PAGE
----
Prioritising trade deals is pushing government into a much less green Brexit

Written by: David Burrows | Published:
David Burrows

June marked the first anniversary of Michael Gove as Environment Secretary. (There’s a sentence I never thought I’d write).

And it’s been a manic 12 months of activity, which I for one am struggling to keep up with. Thankfully, Defra’s press officers have pulled together the “key pieces of work” and posted them on the department’s blog. Among the seven entries, two have relevance for the resources sector.

The first was the publication of the 25 Year Environment Plan, which of course focused (too?) heavily on plastic. The second is (also) all about tackling plastic waste: the ban on microbeads (which came into force in June); the upcoming consultation on banning plastic straws, stirrers and cotton buds; the planning for implementation of a deposit return scheme for drinks containers; and a “comprehensive” new Resources and Waste Strategy.

The focus on this forgotten sector has to be applauded (as CIWM chief executive and former director of waste at Defra, Dr Colin Church, quipped at a recent conference: “It’s great to see government taking this seriously after so many years of neglect … and four of them were mine.”). However, I am starting to worry that we are not actually getting anywhere – and Brexit is to blame.

As Biffa put it in September: “The June 2016 UK referendum on EU membership has thrown something of an unexpected rock into the pond.” Ten months on (and just eight months from the official divorce date between the UK and the EU) and that’s looking like an understatement.

It’s more like a bloody big boulder and it has already started squashing policies that could enhance environmental protection after March 2019.

A case in point is the current consultation on the Environmental Principles and Governance Bill. Gove has been tossing tweets at Brussels for months in a bid to prove the UK can lead the way on environmental standards, but has gone quiet all of a sudden.

Indeed, look at the proposals and perhaps he should have been working harder to convince his own colleagues of the merits of a truly “green Brexit”.

The document proposes the creation of a watchdog to replace the European Commission and European Court of Justice, as well as place the precautionary and polluter pays principles in UK policy.

The bill “will ensure core environmental principles remain central to government policy and decision-making”, said Gove, while the “independent and statutory watchdog […] will hold governments to account”. Will it?

Gove reportedly wanted the UK’s new environmental watchdog to have the same powers as the European Commission, but that isn’t what’s on the table.

This is “probably the most significant moment yet in the government’s recent environment drive, wrote Benjamin Halfpenny on the Green Alliance blog, but “there are glaring holes in the plan”.

For example, the new body won’t have the power to take the government or public authorities to court, nor does the bill ensure compliance with the 25 Year Environment Plan. Missed recycling targets, who cares? Air pollution way above legal limits, hey ho. That is if there are any targets, which isn’t yet clear (the circular economy package came into force on July 4, but how long the UK sticks to those regulations is anyone’s guess).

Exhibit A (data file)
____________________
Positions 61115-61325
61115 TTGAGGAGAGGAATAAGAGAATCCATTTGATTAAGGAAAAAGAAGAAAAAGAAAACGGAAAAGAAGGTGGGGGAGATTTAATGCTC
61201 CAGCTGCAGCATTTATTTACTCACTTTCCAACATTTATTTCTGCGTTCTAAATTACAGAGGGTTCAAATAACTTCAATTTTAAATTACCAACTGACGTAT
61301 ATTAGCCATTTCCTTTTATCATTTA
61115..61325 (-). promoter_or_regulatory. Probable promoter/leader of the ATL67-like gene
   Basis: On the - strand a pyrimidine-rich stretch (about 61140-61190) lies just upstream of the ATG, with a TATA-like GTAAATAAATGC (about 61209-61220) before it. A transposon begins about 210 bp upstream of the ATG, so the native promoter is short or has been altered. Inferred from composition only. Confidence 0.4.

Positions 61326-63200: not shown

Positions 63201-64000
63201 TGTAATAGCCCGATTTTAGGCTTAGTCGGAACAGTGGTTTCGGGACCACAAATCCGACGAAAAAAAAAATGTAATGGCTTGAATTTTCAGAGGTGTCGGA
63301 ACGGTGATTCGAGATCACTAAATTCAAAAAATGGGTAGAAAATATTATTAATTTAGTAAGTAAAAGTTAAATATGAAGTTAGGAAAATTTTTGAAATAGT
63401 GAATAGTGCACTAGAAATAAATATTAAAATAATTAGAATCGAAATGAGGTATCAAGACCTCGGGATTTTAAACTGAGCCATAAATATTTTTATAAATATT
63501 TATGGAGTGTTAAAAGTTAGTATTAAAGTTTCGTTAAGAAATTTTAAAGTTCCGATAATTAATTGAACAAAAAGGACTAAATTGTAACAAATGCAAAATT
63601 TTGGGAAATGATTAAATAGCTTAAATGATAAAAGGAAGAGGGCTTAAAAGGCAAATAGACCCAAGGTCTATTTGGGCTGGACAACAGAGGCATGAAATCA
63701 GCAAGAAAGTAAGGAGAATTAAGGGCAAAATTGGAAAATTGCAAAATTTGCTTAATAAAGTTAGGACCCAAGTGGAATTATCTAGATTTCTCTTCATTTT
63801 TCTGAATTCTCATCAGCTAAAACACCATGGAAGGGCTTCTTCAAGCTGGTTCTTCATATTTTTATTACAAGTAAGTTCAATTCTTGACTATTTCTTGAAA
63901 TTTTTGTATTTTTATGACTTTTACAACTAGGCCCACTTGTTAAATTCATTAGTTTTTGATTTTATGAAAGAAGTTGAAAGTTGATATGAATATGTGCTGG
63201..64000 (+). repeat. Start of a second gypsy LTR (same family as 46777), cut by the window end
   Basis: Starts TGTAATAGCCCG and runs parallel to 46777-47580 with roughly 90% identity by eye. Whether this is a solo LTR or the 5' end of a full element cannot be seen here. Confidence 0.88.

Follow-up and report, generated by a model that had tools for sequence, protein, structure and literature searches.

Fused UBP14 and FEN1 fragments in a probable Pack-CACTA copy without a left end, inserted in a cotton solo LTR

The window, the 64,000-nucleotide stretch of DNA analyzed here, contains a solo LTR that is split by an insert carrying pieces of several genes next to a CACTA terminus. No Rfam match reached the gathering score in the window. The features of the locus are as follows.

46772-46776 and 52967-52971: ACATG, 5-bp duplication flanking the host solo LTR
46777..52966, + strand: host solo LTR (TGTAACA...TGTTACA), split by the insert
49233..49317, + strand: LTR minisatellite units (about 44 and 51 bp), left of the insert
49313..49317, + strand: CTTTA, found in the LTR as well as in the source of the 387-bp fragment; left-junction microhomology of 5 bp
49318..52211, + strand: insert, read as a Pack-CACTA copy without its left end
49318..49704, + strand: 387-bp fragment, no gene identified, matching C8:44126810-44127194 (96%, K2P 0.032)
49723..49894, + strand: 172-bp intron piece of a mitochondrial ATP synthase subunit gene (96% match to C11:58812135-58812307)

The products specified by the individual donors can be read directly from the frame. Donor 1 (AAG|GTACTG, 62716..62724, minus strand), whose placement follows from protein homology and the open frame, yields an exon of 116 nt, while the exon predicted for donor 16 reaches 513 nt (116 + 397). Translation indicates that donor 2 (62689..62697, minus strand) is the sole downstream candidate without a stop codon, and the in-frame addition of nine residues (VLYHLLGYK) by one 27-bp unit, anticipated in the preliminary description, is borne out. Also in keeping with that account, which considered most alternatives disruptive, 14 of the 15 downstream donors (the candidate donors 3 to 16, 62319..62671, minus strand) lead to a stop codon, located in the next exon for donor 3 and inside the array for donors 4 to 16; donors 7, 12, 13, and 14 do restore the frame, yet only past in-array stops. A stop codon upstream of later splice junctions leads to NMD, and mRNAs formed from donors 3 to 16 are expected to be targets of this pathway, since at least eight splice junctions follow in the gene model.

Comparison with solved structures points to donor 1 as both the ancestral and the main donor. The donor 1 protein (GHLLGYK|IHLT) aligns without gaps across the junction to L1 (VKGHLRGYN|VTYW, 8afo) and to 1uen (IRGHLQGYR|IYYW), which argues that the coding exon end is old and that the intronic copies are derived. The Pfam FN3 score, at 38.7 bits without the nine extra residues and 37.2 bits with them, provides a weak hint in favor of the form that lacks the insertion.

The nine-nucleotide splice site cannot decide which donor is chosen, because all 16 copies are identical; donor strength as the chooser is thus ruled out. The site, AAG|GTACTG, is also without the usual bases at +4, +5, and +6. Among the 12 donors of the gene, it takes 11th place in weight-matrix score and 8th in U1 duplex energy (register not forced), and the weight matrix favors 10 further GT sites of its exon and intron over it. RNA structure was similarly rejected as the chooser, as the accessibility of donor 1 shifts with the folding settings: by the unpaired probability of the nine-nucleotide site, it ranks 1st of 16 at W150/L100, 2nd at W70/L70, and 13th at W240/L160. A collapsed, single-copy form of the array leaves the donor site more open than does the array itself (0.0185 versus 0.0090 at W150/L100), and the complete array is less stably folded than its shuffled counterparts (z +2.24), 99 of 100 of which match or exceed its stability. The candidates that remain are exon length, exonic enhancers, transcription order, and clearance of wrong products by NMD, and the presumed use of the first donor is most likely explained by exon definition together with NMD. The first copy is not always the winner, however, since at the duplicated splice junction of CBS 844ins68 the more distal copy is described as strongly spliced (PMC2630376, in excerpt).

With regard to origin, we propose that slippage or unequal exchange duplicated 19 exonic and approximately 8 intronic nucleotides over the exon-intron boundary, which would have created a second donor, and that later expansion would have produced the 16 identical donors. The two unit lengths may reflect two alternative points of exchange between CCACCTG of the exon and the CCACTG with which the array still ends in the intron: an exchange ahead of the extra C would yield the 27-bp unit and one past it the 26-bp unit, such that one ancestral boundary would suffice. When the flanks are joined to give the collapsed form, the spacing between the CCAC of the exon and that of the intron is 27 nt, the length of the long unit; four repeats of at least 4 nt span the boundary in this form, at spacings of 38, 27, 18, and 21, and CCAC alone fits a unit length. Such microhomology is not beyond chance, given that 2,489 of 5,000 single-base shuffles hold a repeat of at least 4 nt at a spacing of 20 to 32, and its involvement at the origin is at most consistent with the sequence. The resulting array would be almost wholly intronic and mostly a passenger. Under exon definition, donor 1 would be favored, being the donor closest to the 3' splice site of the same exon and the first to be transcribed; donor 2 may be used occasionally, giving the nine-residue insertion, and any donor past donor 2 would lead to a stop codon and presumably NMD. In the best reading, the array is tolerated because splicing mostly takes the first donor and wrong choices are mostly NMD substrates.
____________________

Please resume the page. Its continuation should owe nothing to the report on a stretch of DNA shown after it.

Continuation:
Given that the 25 Year Environment Plan promised a world-leading environmental watchdog, many are understandably peeved. “Some may think it churlish to criticise a proposal that meets so many criteria,” Halfpenny wrote.

“Yet the disappointment, expressed clearly by so many organisations, is not founded in over-expectation. It is felt because the government has failed to meet the minimum requirement for maintaining the current level of environmental protection.”

In other words, it’s fallen at the first hurdle towards that green Brexit goal. It doesn’t take a rocket scientist to have a stab at what’s happened: tougher environmental laws and standards will make it harder to do trade deals. Indeed, the Treasury is apparently to blame for watering things down – and very successfully, it seems – in a bid to ensure trade deals are easier to forge.

The Environmental Audit Committee, which is leading an inquiry into the consultation, wrote to the Treasury to ask for a minister to come and explain what’s happened. There’s been no response as yet.

EAC chair Mary Creagh also pointed out that time is ticking; there’s a risk of “zombie legislation”, she said, which is no longer monitored, enforced or updated. Indeed, for all the activity at Defra HQ in recent months, almost nothing has been decided.

Sure, there are consultations, plans and ambitions, but microbeads ban aside, has anything been delivered yet? Perhaps it will all be neatly wrapped up in the new Resources and Waste Strategy?

The strategy’s publication was originally planned for the end of the year, but reports breaking as I write this suggest Gove wants one by the autumn. Early publication almost never happens, which makes me wonder if it will be another raft of proposals that are then opened to more consultation.

It’s happening elsewhere, after all: the “second chapter” of the government’s Childhood Obesity Strategy was packed full of interesting plans and ideas, but had only one firm commitment to change any laws or introduce any new policies. So, in your second year, Mr Gove, can we stop chewing the fat and get on with things, please?

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